How to promote parents’ “number talk”?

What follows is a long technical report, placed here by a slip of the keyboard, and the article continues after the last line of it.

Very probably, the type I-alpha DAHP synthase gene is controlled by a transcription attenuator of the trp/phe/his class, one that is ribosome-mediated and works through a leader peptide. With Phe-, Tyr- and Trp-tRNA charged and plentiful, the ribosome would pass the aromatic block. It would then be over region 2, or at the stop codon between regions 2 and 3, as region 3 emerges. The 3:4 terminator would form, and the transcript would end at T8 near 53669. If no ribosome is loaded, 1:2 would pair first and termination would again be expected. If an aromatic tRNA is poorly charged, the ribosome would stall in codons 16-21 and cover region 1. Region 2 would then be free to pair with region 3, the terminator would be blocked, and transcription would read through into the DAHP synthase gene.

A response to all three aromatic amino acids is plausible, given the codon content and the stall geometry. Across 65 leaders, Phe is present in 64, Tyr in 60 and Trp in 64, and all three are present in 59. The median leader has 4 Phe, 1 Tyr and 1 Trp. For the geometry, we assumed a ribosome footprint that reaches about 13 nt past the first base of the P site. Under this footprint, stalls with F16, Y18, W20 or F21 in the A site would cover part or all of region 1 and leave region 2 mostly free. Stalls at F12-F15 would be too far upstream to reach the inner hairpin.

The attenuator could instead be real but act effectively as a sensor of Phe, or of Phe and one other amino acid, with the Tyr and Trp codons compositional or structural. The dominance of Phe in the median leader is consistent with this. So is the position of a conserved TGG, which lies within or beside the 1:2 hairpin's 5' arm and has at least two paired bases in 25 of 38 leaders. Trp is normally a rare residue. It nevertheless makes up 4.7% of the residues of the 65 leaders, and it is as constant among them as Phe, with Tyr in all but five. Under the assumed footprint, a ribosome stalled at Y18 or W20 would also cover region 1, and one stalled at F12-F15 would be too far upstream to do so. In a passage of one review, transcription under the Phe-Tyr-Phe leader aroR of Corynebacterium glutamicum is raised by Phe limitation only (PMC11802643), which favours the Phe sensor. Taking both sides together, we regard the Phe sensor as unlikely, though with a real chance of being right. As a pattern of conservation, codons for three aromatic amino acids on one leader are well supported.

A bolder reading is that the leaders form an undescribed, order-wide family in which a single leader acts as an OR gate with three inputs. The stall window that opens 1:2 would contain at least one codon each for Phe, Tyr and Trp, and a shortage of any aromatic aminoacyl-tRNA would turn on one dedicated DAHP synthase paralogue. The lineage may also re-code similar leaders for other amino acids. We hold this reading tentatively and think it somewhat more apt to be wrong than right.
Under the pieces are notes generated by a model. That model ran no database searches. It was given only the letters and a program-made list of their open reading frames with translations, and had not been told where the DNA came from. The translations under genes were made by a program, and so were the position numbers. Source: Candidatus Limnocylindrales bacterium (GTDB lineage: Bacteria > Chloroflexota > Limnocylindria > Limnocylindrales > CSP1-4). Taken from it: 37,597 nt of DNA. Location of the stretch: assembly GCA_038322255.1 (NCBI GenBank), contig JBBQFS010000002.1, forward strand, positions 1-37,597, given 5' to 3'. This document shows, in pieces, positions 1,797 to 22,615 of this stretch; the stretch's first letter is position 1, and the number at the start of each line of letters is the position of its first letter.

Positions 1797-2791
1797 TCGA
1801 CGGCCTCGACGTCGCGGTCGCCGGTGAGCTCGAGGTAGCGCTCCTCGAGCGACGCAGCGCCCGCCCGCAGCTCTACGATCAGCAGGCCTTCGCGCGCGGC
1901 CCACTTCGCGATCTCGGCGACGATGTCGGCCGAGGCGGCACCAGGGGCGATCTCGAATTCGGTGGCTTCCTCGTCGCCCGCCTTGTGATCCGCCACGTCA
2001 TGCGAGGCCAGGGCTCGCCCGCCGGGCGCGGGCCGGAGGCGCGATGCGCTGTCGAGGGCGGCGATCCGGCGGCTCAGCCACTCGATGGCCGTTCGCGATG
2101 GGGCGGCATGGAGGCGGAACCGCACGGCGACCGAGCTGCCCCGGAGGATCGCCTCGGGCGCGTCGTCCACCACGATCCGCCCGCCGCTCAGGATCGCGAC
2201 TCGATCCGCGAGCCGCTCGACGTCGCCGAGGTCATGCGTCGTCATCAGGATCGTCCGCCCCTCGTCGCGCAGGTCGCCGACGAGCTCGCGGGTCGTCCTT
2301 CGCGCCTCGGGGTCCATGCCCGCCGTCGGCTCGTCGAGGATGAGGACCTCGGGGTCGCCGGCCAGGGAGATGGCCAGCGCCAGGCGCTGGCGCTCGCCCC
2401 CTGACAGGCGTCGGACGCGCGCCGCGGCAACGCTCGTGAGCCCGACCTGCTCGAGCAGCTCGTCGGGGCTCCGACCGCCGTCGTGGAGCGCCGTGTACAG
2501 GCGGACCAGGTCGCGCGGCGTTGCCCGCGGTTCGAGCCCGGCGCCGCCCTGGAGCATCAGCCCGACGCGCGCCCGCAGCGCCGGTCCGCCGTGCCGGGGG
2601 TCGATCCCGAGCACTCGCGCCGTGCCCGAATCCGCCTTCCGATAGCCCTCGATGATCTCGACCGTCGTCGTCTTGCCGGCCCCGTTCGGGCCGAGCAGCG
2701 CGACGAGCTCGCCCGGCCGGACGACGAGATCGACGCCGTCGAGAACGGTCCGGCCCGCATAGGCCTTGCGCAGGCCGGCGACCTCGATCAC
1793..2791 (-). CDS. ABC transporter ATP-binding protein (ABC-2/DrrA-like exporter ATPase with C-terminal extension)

The idea that parents should talk to their children about numbers and math might seem trivial to some. However, it is important to consider that many families still consider that math learning remains primarily the responsibility of the school. A significant number of parents are also apprehensive about math and do not feel comfortable talking about math to their children. Furthermore, math-anxious parents may not naturally provide the high-quality support that children need for effective math learning11. How can we then promote high-quality “number talk” among these families? A recent study indicates that a promising avenue is to provide math-apprehensive parents with high-quality materials that give them the opportunity to talk about math with their child12. In that study, the researchers tested the idea that replacing bedtime stories that parents often read to their child with a math discussion would bolster children’s math skills. They recruited 587 first-graders from socioeconomically diverse schools in the Chicago metropolitan area and gave each family a tablet computer to use during the school year. Some families were told to use the tablet to read classic bedtime stories, while others were told to use it to work through simple math problems with their child. Each day a different problem (or a different bedtime story) would be downloaded on the tablet, and the parents would then have the opportunity to talk about numbers, arithmetic, or geometry to their child before bedtime. To evaluate the effect of the intervention, the researchers assessed the math skills of all children at the beginning and the end of the school year. The results were striking. Children whose parents used the tablet regularly to work through math problems outperformed children whose parents were hardly using the tablet by about three months at the end of the year. These children also significantly outperformed children whose parents were using the tablet regularly to read bedtime stories. An interesting aspect of the study is that the intervention was especially effective for children whose parents were apprehensive about math. Thus, this study demonstrates that providing parents with materials that give them the opportunity to talk to their child about math can make a big difference in math learning.